The two hour bus ride to Gautape was undeniably uncomfortable. The bus swayed as the aggressive driver swerved motos and taxis as he traversed his way up the mountains and out of site from Medellin.
The guy sitting next to me undoubtably smelled like old tobacco and fresh wet dog. In exchange for his odor he decided to act as resident DJ by constantly asking the driver to either turn the music up or change the radio channel.
Although the mid-morning sun beamed down into the bus and painted my face a bright red, I embraced the warmth and kept myself amused with the antics on the overcrowded bus.
A day bus ride here in Colombia is incredibly different from those I took in Argentina. Here the mountains are lush greens and deep browns and small villages pop-up through the deep brush like bulbs on a christmas tree.
I was excited to take my first excursion out from my new home base in Medellin and Gautape proved to be the perfect place.
The major attraction is actually just before you reach the little waterfront town of Guatape. You first pass a small traditional town called El Penol where the hustle and bustle of a sunny sunday makes for great people watching from the bus windows. Once on the outtskirts of town you can see clearly the giant rock (La Piedra) in which everyone comes to see.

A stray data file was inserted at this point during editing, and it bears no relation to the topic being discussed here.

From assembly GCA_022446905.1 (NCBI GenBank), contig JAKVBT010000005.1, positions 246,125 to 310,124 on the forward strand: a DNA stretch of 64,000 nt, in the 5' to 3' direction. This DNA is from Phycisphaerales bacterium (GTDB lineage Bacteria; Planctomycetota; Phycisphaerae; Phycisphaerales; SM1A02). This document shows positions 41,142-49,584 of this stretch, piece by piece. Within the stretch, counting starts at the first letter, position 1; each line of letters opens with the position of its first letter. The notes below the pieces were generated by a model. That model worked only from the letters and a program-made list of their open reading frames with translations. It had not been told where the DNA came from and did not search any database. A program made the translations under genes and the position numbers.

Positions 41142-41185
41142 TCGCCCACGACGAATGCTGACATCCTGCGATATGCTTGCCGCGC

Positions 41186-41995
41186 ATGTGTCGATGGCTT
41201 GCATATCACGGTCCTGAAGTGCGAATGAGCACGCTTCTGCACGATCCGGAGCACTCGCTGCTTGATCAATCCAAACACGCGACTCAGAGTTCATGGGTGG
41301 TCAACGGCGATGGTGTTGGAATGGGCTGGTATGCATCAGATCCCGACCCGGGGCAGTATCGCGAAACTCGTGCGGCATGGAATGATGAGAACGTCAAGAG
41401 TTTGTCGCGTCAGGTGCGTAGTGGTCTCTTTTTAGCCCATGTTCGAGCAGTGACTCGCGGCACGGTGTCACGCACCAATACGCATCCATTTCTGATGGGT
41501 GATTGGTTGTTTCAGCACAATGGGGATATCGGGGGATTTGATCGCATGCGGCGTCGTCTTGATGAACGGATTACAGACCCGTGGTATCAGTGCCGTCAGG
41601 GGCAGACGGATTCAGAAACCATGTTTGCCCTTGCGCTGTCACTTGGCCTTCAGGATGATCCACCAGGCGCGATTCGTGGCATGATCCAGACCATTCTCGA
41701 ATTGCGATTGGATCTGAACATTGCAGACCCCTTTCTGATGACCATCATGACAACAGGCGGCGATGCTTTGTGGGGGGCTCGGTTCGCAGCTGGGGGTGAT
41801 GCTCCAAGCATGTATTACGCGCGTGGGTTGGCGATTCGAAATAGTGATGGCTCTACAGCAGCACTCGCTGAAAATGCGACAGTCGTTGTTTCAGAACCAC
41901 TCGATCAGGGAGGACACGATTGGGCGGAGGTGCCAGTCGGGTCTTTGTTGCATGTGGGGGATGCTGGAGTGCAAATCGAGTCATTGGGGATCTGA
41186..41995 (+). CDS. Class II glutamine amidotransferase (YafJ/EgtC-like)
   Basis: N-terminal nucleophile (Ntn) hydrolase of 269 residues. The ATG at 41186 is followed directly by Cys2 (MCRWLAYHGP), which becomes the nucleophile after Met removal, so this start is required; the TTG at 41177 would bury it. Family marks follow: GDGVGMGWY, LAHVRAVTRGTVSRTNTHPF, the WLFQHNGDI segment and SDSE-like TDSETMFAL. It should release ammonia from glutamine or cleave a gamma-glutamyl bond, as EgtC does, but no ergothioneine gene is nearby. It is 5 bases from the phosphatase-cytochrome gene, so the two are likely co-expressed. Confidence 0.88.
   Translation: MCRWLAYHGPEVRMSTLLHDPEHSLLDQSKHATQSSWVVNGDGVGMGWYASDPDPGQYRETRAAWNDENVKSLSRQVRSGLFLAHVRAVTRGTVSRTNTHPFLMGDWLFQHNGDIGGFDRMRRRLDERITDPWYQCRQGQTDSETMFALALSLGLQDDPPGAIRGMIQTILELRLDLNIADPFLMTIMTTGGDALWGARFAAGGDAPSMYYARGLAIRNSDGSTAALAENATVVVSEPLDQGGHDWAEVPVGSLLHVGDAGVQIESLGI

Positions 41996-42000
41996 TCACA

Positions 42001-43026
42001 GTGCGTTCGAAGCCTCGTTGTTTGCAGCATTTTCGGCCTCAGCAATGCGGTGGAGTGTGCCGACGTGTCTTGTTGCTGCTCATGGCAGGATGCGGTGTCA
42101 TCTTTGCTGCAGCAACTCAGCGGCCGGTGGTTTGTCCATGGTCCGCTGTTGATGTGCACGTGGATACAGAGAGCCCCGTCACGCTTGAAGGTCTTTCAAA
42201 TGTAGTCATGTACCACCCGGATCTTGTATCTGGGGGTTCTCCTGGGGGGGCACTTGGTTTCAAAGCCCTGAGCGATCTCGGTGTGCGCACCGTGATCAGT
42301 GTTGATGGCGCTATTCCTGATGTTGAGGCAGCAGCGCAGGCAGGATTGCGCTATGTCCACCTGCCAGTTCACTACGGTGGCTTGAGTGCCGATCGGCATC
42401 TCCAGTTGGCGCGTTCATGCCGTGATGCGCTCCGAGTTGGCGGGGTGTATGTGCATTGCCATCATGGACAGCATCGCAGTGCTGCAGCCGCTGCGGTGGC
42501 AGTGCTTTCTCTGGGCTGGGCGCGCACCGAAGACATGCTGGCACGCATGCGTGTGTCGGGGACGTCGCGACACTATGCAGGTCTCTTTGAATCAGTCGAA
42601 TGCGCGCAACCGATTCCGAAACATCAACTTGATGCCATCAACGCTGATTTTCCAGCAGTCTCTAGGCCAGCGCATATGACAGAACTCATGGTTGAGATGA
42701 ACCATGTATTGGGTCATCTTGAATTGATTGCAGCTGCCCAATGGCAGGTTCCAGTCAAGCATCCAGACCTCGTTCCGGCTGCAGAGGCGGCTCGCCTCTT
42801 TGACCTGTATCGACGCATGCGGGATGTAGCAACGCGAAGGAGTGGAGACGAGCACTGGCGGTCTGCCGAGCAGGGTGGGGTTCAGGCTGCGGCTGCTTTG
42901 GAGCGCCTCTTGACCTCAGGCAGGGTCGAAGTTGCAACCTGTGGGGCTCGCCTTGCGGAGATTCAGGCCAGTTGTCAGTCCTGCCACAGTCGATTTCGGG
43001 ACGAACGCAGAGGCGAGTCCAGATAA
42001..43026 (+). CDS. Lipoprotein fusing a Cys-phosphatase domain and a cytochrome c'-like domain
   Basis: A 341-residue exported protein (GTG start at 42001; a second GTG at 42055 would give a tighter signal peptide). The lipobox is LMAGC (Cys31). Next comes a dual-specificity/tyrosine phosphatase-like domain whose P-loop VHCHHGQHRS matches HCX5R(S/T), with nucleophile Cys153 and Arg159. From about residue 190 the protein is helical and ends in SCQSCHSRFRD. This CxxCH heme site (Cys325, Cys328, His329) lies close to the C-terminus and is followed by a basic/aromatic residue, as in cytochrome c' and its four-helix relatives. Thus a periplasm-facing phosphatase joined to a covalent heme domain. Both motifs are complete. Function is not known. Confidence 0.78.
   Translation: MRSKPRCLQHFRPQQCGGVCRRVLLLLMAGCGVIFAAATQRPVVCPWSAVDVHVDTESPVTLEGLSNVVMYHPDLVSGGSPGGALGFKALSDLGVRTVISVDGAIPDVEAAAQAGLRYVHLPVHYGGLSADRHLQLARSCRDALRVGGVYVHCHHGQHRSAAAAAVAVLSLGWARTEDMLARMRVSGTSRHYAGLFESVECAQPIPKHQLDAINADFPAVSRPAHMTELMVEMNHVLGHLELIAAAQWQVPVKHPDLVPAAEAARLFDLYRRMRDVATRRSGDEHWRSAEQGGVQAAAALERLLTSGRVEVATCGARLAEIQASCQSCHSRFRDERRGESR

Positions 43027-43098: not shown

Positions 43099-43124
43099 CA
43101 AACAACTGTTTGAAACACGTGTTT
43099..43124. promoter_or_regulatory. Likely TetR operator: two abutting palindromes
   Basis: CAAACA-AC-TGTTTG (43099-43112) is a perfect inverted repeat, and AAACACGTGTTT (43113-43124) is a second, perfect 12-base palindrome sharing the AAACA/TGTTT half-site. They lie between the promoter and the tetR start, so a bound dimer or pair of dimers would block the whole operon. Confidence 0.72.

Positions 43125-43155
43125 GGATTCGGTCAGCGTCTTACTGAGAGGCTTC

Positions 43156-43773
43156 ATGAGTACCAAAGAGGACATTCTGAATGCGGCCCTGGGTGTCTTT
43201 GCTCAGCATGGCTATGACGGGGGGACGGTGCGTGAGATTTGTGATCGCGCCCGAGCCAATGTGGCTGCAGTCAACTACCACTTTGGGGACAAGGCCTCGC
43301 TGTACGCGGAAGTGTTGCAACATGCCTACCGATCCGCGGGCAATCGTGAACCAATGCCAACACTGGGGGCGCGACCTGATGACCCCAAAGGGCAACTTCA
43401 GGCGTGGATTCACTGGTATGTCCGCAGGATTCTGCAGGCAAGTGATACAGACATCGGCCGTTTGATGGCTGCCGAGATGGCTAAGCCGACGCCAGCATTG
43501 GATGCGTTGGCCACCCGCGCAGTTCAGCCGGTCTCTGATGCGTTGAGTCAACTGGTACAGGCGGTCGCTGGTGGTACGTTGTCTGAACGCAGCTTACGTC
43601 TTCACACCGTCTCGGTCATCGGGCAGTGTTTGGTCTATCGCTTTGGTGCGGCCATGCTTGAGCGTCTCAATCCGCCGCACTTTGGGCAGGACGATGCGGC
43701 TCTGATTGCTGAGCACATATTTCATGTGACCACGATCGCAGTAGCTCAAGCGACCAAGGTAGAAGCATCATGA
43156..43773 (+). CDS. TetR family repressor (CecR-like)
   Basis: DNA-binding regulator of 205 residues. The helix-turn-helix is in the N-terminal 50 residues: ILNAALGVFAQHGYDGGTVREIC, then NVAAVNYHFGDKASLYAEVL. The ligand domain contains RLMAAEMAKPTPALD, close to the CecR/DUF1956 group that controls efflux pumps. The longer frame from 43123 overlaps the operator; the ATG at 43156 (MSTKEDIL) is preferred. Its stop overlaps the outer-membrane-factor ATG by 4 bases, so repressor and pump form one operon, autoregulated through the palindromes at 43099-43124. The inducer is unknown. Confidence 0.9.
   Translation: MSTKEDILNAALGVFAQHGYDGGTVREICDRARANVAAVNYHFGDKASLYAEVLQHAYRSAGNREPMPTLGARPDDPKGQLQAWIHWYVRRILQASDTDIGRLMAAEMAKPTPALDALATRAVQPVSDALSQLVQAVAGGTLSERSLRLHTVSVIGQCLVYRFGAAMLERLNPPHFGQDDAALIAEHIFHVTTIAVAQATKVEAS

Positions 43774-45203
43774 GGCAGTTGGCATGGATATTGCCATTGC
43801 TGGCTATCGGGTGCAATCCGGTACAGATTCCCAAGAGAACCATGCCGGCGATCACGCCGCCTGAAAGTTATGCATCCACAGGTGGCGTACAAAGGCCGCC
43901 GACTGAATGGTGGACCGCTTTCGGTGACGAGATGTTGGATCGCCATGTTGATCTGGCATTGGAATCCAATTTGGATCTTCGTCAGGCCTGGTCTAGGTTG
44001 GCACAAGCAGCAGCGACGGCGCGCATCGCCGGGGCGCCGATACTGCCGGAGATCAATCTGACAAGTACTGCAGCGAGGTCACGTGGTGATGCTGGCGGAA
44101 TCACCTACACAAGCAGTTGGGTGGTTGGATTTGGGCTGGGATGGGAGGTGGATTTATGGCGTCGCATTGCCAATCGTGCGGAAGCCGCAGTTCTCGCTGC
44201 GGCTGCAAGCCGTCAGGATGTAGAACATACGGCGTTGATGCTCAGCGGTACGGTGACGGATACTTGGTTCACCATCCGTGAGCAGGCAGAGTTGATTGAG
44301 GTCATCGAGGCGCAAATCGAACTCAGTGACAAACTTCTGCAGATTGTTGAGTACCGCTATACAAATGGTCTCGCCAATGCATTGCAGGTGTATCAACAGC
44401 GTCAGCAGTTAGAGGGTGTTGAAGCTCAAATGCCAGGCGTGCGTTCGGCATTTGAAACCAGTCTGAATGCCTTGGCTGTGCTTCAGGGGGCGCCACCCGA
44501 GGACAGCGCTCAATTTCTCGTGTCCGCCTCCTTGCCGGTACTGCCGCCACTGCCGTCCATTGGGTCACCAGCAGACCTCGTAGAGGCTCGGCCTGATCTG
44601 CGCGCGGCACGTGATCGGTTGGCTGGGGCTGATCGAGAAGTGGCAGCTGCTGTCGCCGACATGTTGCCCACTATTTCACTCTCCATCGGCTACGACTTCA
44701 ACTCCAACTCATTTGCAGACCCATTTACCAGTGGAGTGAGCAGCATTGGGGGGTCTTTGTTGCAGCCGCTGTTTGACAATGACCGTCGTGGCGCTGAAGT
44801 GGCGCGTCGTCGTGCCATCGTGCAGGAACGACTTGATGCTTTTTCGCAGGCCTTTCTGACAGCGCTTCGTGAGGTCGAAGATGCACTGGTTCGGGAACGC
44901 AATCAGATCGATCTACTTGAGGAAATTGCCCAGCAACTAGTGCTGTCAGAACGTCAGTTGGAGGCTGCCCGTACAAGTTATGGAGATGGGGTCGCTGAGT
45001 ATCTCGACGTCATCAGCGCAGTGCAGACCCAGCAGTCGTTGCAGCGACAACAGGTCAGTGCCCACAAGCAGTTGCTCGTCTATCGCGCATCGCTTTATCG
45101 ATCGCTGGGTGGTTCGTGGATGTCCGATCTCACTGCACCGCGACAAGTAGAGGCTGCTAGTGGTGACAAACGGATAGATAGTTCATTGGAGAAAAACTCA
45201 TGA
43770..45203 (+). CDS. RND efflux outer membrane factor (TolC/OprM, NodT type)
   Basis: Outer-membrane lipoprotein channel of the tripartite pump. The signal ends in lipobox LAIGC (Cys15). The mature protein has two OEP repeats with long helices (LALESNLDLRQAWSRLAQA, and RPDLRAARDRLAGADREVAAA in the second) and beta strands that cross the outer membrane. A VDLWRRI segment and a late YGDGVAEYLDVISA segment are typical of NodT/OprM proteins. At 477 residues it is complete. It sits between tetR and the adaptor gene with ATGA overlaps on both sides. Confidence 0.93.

La Piedra (or El Peñón de Guatapé) has an elevation of over 7,000 feet over sea level and it isn’t until you start climbing the 600 plus steps that you begin to feel its altitude. To successfully conquer the rock you have to make it past the horseback ride hecklers, the parking lot tourist shops, the mango and empanada stands, 2 monasteries, and the struggling Colombian tourists sitting in the middle of the stairs as you pass by. After all that, once you think you reached the top, you have another 6 flights of winding stairs to knock-out inside an old castle/lighthouse looking building that sits atop of the massive mound like one of Dolly Parton’s nipples.
The view undeniably amazing and the smell is much fresher than on the bus. You can see a million different lakes, waterways, beautiful beachfront homes and faraway villages. It’s like looking down on the Thousand Islands in Upstate New York.
After soaking it all in I came down and negotiated a car ride over to the actual town of Guatape for some lunch.
Gautape sits on the edge of a reservoir created by the Colombian goverment for a hydro-electric dam, built in the late 1960s to supply water to Medellin. Medellin actually bought the town and flooded the entire thing and then built a surrounding village for its people. Pretty wild.
It’s a beautiful waterfront spot with colorful houses and cool Colombian tourist weekender crowd. I ate my way across town from street vendor to street vendor and then passed out in the grass next to the water to watch boats cruise by and people zip-lining over the water until it was time to catch my return bus to Medellin.
The bus ride home wasn’t much better than my ride in but after the day I just had it didn’t phase me at all. Vale la pena.